Mark 11:27-33. When the chief priests and scribes questioned Jesus’ authority, he asked them a question: “Was the baptism of John from heaven or from man?” This was excellent question to ask the Jewish leaders because if they said “heaven,” then Jesus would ask them why they didn’t believe John’s message! If they said “man,” they were afraid the large crowds following Jesus would be upset because most of the common people of Israel regarded John as a problem. But this is not the “pimp slap.” It’s simply the set up. The “pimp slap” comes after the priests and scribes answered that they didn’t know the answer to the question. Jesus said, “Neither will I tell you by what authority I do these things.” This was Jesus way of saying that those who assumed authority over the Jewish people and who assumed Jesus was subject to essentially had no authority over Jesus. The Son of God will not have his authority questioned by mere men. Proverbial “pimp slap” delivered.
John 8:48-59. On another occasion, Jesus was being questioned (insulted!) by the Jewish leaders about whether he was a Samaritan or had a demon. Imagine that the Son of God was asked such blasphemous questions. And those learned Jewish leaders thought they could outsmart the eternal and divine Logos. Of course, such an attempt is painfully foolish to consider this side of the Resurrection! So how does Jesus deal with the sarcastic questions of whether he’s a Samaritan, or controlled by a demon, or greater than Abraham and the problems? How does he deal with the insults? He delivers a verbal “pimp slap” that cuts to the heart of the matter. “Oh, you want to question who I am and how great I am and whether I’m controlled by a demon or part of an ethnic group that you despise? Sure, I’d love to answer that question. Guess what? I’m God!” After all, that’s the gist of what Jesus gets at when he says, “Before Abraham was, I am.” That’s why the Jewish leaders picked up rocks to stone him. In their eyes, he had blasphemed God! Yet they overlooked that Jesus was/is God! Proverbial “pimp slap” delivered.
Honorary Example: John 8:7. I give this an honorary place because I agree with the vast majority of NT scholars who do not believe that John 7:53-8:11 is original to the Gospel of John. And yet while I do not believe that John wrote it, I see no reason to believe that the story didn’t actually happen (cf. D. A. Carson’s The Gospel According to John, pp. 333-34). At any rate, after the Jewish leaders bring a woman who was caught in adultery to Jesus, they essentially want him to either condemn her to be stoned or to minimize the sexual offense. Either way, they believe that they have Jesus in-between a rock and a hard place. Of course, Jesus has no problem with defusing this situation with a simple statement: “Let him who is without sin among you be the first to throw a stone at her.” Jesus put the Jewish leaders in between a rock and a hard place because if they stone her, they commit blasphemy and yet if they don’t stone her they undermine their own authority. Hmm. Proverbial “pimp slap” delivered.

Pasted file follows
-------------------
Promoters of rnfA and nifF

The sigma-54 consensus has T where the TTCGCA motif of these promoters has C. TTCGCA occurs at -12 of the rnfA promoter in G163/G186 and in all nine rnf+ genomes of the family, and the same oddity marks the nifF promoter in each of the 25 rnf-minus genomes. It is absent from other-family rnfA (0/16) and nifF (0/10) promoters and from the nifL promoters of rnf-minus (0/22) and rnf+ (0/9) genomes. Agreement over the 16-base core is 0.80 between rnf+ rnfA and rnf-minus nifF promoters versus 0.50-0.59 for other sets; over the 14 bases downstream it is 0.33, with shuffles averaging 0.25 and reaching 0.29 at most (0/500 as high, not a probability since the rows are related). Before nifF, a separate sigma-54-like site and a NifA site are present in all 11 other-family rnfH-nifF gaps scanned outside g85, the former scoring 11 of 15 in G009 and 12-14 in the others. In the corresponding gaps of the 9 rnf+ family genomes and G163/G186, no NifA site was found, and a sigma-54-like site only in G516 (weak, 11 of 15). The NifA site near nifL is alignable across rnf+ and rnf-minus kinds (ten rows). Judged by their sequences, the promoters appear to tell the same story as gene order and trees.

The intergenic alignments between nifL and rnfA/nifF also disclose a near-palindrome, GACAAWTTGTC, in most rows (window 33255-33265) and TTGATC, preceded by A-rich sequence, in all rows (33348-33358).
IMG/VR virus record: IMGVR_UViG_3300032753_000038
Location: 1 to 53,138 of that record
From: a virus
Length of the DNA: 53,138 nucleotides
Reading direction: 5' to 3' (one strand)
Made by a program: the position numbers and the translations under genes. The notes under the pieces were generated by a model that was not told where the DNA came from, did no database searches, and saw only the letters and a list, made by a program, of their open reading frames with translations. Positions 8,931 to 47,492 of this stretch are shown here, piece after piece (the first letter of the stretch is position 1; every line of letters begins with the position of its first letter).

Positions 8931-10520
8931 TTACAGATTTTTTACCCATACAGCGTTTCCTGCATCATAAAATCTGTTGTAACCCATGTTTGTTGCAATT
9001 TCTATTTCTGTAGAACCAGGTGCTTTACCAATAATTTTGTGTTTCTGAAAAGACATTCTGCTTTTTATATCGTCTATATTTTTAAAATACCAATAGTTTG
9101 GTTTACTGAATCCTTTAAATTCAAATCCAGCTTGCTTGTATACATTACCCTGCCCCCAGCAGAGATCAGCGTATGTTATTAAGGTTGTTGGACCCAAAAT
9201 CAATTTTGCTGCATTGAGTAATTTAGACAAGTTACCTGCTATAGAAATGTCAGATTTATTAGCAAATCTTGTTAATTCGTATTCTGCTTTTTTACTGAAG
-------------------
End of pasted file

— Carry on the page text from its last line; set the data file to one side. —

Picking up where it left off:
I realize that the phrase “pimp slap” doesn’t sit well with our refined and religious ears. I also realize that some may read into that phrase something I am not intending to suggest. Jesus was not a pimp. To suggest that he was would be the ultimate form of blasphemy! But Jesus did deal out his fair share of proverbial “pimp slaps” that left his listeners with burning ears. These are just a few examples… there are many, many, many more!
If we’re not careful, our refined reading may actually neuter the nature of Scripture at challenging us and driving us towards repentance and trust in Christ! So take the “pimp slaps” as they come. They are there for a reason…